The Sea Shepherd Conservation Society (SSCS) has been a thorn in the side of commercial fisheries since it first took to the seas in 1977. Determined to defend marine mammals, it has regularly made headlines for blocking marine traffic and disrupting poaching and illegal fishing.
Over the weekend, Canadian environmental activist Paul Watson was arrested in Frankfurt on a Costa Rican warrant issued last October. Sea Shepherd questioned the timing, pointing out it was issued “curiously close to the time that the Institute for Cetacean Research (ICR) filed their civil suit against Sea Shepherd Conservation Society in the United States.”
According to Sea Shepherd:
The German police have said that the warrant for Captain Watson’s arrest is in response to an alleged violation of ships traffic in Costa Rica, which occurred during the filming of Sharkwater in 2002. The specific “violation of ships traffic” incident took place on the high seas in Guatemalan waters, when Sea Shepherd encountered an illegal shark finning operation, run by a Costa Rican ship called the Varadero. On order of the Guatemalan authorities, Sea Shepherd instructed the crew of the Varadero to cease their shark finning activities and head back to port to be prosecuted. While escorting the Varadero back to port, the tables were turned and a Guatemalan gunboat was dispatched to intercept the Sea Shepherd crew. The crew of the Varadero accused the Sea Shepherds of trying to kill them, while the video evidence proves this to be a fallacy. To avoid the Guatemalan gunboat, Sea Shepherd then set sail for Costa Rica, where they uncovered even more illegal shark finning activities in the form of dried shark fins by the thousands on the roofs of industrial buildings.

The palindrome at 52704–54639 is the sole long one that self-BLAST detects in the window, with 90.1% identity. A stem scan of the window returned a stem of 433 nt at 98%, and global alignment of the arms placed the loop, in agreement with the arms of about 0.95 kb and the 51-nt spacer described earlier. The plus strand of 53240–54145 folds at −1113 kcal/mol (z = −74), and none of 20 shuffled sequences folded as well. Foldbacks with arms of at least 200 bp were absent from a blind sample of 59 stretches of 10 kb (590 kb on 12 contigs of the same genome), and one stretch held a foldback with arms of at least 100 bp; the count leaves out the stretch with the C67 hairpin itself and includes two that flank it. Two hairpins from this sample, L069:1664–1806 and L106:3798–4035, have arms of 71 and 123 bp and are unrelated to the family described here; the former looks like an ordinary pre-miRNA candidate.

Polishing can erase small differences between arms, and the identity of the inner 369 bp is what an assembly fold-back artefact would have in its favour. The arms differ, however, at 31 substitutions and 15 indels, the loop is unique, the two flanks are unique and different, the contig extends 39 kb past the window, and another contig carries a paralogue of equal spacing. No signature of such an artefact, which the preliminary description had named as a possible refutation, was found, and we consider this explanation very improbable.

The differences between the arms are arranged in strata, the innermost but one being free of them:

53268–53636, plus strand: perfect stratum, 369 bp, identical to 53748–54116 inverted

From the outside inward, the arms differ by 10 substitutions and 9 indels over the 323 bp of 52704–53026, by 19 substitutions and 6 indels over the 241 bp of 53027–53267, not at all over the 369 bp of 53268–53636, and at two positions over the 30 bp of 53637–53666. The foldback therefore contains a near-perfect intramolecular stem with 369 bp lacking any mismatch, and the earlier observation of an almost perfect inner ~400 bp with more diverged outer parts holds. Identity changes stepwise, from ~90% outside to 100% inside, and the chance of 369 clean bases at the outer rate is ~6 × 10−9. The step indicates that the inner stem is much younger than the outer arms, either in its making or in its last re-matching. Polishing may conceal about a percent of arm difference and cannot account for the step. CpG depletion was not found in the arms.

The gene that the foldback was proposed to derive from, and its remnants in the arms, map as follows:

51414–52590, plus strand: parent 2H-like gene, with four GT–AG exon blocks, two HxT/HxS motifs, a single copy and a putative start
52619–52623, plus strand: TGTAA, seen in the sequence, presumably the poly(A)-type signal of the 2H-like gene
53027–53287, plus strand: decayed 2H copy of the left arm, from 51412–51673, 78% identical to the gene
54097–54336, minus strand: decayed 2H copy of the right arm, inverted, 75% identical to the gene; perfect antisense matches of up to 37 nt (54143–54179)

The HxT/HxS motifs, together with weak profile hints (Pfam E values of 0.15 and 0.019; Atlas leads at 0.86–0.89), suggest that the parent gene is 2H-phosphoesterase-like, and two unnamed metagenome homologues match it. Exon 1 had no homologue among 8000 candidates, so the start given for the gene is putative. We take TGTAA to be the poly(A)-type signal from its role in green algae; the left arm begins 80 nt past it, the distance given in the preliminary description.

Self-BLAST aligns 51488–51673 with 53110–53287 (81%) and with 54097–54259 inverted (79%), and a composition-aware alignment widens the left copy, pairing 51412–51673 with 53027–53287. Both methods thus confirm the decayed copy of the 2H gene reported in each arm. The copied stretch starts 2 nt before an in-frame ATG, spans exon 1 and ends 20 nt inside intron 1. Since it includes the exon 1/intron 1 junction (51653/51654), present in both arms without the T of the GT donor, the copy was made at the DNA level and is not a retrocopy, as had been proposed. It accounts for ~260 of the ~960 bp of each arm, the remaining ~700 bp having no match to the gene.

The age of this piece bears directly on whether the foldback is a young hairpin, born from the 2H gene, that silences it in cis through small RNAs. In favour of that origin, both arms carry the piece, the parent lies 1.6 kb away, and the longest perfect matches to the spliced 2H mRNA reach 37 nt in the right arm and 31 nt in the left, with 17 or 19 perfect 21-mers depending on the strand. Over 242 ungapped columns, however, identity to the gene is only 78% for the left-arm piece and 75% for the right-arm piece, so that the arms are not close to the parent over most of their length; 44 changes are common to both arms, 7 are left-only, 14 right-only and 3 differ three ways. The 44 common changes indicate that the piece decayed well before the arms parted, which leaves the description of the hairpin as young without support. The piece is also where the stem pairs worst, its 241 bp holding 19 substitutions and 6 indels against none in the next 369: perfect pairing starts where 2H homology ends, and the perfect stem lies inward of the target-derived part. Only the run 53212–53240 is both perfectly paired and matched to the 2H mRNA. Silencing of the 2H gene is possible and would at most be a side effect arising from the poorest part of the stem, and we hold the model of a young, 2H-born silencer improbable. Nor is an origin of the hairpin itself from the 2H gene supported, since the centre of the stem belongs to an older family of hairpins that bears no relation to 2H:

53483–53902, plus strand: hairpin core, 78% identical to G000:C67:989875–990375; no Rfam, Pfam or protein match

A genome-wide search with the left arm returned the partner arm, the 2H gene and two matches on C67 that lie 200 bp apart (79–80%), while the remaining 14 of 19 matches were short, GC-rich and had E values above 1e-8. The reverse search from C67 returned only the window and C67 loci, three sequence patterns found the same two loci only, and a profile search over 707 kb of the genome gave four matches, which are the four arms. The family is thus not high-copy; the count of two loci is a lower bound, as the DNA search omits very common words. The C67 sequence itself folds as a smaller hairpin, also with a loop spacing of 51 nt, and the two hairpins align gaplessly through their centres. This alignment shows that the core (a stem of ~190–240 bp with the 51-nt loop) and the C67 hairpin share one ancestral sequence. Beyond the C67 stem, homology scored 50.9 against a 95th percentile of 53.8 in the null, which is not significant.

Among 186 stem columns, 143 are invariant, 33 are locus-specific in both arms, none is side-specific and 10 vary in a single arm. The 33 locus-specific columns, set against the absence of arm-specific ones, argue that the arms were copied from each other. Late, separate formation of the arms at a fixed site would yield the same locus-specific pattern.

Watson is a veteran of the battle to save marine life. He was one of the original founders of Greenpeace. In 1977, he launched the Sea Shepherd Conservation Society. He is no stranger to controversy.
Before he and Greenpeace parted company, he led the organization’s second campaign to stop the seal hunt off Labrador. A biography on the Sea Shepherd site tells the story:
Later on this campaign, in an effort to bring one of the sealing ship’s operations to a halt, Watson handcuffed himself to a pile of seal pelts that were attached to the winch of a sealing vessel. When the sealers saw what he had done, they dragged him and the pile of pelts across the ice then up into the air, slamming them against the hull of the ship. Then they plunged Watson into the frigid waters several times causing him to lose feeling in his limbs and lose consciousness. Finally, when Fisheries Minister officers arrived on the scene, he was strapped to a stretcher and hoisted onboard, where the sealers almost suffocated him by pressing seal blubber over his face, then dragging him across the deck through seal fat and blood, kicking him all along the way.
In the years since Watson founded SSCS, he has squared off with whalers, factory ships and governments. He has authored books, created documentaries and thumbed his nose at those who disapprove of his tactics. And he has never wavered in his commitment to marine mammals.
It is not clear yet whether Germany will agree to extradite Watson, and it is possible Costa Rica will drop the charges. In the meantime, SSCS is calling for his release and insists, “Captain Watson will not be intimidated, and he will not stop until marine life and ecosystems are given the protection they deserve.”
Sign the petition to demand his release.
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Photo of Captain Watson and the Sea Shepherd crew from David w ng via Wikimedia Commons
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